The village supports a Congregational Church and a Lutheran Church.

A Modern Woodmen of America and a Woodman of the World lodge are found here

Commercial Interests-1920

Banking-Farmers State Bank and the Logan Valley Bank.
Doctors-Doctor McKnight.
Auto Garage-Barton Strand, H. N. De Molin.
Blacksmiths-Oliver A. Larson.
Barber Shop-Marshall Bennett.
Cream Station-Russell Anderson.
Drugs-The Hansen Drug Company.
Elevators-Farmers' Co-operative Association and the Holmquist Company.
Furniture (with Hardware)-Fred J. Uehling and L. W. Larson.
General Dealers-Fred H. Steckelberg, W. A. Stach, Christemen & Rinderhogen.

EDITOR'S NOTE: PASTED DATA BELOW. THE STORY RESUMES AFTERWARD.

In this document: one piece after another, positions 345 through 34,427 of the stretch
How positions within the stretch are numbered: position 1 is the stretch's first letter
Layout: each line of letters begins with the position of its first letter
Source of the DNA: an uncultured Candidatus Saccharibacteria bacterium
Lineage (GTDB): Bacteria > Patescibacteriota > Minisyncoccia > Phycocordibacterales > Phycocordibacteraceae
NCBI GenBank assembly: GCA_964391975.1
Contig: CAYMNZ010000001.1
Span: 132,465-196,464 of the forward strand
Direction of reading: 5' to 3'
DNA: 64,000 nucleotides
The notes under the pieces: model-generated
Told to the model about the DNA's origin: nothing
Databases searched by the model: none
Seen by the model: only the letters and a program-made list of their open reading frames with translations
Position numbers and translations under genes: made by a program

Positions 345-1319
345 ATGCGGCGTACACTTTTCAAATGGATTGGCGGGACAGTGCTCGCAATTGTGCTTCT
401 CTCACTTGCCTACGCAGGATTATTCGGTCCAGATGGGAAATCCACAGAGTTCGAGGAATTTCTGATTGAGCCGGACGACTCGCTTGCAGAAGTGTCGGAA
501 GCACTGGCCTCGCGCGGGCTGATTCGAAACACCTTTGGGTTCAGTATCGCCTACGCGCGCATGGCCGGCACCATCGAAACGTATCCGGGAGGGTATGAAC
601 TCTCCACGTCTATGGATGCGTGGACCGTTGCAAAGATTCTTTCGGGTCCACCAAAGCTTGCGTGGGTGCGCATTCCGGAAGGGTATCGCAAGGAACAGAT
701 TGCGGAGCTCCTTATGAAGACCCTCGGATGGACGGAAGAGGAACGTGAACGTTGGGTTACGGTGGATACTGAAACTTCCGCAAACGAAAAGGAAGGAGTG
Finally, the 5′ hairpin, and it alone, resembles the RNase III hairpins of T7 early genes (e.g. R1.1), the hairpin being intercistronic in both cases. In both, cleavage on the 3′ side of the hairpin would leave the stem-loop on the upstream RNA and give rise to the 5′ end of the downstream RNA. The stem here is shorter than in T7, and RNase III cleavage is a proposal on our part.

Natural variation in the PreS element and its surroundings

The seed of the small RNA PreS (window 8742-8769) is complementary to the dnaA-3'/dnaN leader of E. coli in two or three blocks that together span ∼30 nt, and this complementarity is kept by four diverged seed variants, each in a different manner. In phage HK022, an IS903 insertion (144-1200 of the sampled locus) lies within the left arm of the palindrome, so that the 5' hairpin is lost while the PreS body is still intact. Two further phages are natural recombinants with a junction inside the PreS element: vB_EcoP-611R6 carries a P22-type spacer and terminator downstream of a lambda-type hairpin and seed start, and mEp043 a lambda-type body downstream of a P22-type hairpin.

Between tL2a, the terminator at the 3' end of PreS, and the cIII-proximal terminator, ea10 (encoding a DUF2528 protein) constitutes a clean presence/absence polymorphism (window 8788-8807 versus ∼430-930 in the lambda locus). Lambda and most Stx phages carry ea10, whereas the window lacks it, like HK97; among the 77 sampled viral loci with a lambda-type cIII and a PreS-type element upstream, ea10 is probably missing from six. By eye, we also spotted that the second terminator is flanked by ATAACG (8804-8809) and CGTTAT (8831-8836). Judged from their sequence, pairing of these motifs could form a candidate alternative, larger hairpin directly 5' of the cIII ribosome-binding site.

Harness-W. H. Miller.
Hotel-Mrs. Chris Nelson.
Ice-C. J. Shaw.
Lumber-Farmers' Co-operative Association, Bowman, Kratz Lumber Company.
Meat Market-C. J. Shaw.
Newspaper-The Uehling Post. See
Opera Halls-The Uehling Hall, Larson Hall and Lodge Hall.
Restaurant-Otto A. Graves.
Farm Implements-Larson Brothers. 

Dodge County | Nebraska AHGP

Source: History of Dodge and Washington Counties, Nebraska, Rev. William H. Buss and Thomas T. Osterman, Volume 1, The American Historical Society, Chicago, 1921.

Nebraska Links

Hosted Free

Please stop by again!!

This page was last updated

Copyright August © 2011 -  AHGP The American History and Genealogy Project.
Enjoy the work of our webmasters, provide a link, do not copy their work.


Back to AHGP